To document the local Th-1/Th-2 balance, we chose to quantify the local expression of interleukin-18 because of its bivalence. IL-18 is a Th-2 angiogenic cytokine with an important demonstrated role in the destabilization of spatial arteries (19, 20), a crucial step to prepare the future invasion of the spiral arteries by the cytotrophoblast. However, a local over-expression of IL-18 switches its beneficial role to a deleterious one as IL-18 becomes Th-1 and promoter of local cytotoxicy (21). The level of local immune regulation which characterizes each individual will be also essential to promote or not a Th-1 deviation. Tumor necrosis factor-like weak inducer of apoptosis (TWEAK) and its receptor, fibroblast growth factor-inducible molecule (Fn14) are involved in preventing local cytotoxicity and counterbalancing the cytotoxic function of uNK cells (18, 21, 22). The maturity of uterine NK cells as well as their state of activation seems also essential (23). Uterine natural killer cells are not fully mature and should complete a process of maturation to gain effective functions (23). Interleukin-15 is the central cytokine for their recruitment and maturation in the endometrium (24). An over-expression of IL-15 is however able to activate all the local immune cells in a negative pathway. The ratio IL-15/Fn-14 is used in the immune profiling as a biomarker of the regulated state of maturation and activation of uNK cells. Moreover, we quantify the recruitment of CD56 positive cells (marker of uNK) initially by immunochemistry and currently by Real-Time PCR.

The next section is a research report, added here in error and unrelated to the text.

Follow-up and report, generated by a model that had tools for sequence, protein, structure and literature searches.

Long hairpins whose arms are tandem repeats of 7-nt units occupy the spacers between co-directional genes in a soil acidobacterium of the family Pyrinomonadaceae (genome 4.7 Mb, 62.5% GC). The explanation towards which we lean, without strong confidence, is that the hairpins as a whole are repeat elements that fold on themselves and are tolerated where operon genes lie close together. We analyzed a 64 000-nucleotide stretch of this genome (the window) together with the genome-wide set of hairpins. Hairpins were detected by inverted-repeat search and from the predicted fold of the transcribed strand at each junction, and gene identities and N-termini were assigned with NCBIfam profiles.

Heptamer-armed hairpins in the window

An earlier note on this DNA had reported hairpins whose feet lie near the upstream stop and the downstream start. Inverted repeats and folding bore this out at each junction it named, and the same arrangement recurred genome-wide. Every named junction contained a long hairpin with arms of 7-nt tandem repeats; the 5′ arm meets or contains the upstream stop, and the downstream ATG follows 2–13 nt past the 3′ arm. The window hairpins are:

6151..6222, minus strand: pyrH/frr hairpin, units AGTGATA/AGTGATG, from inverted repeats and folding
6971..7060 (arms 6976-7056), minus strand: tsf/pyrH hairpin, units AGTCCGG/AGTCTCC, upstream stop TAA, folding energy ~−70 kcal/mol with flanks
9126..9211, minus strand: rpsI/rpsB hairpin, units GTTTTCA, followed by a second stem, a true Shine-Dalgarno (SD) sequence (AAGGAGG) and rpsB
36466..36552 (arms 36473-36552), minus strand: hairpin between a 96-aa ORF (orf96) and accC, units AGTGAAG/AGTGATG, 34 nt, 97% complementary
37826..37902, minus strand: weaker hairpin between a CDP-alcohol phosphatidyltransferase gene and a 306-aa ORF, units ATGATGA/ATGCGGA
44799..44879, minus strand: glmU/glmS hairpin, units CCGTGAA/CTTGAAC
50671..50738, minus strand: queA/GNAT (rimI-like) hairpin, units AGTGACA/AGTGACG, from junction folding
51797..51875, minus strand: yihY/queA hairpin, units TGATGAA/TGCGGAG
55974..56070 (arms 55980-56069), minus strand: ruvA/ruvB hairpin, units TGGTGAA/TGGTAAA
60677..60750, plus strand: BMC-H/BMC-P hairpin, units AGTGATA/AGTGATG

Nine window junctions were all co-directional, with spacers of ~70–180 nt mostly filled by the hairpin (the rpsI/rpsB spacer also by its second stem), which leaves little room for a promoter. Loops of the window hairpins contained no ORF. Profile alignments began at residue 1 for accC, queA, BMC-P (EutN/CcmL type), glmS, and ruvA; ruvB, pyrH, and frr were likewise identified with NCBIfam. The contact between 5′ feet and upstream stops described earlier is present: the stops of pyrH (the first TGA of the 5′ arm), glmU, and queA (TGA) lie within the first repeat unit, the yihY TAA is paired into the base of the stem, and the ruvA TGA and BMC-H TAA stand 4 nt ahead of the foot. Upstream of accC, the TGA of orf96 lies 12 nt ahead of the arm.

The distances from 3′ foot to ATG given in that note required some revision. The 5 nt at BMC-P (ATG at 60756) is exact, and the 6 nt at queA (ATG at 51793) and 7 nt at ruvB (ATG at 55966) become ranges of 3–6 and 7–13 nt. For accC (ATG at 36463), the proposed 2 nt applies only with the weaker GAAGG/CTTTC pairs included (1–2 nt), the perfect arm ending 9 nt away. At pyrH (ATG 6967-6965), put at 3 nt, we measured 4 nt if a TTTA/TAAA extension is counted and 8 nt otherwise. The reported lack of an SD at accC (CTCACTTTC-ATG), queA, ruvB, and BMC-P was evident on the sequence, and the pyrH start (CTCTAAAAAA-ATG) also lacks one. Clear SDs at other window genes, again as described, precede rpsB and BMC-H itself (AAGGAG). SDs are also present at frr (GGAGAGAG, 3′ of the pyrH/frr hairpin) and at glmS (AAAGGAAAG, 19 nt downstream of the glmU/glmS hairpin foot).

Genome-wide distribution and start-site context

By documenting the local immune response expected during the period of uterine receptivity, we seek to detect imbalances which can be corrected to promote further embryo implantation.
Understanding the local uterine immune environment might be important to anticipate the future interplay between the endometrium and the embryo. Underactive immune cells may fail to create the necessary implantation reaction. Conversely, overactive immune cells may lead to a premature endometrial destruction and eventually to the rejection of the embryo. This unique immune reaction is essential for promoting embryo adhesion and its disruption is likely to impede implantation.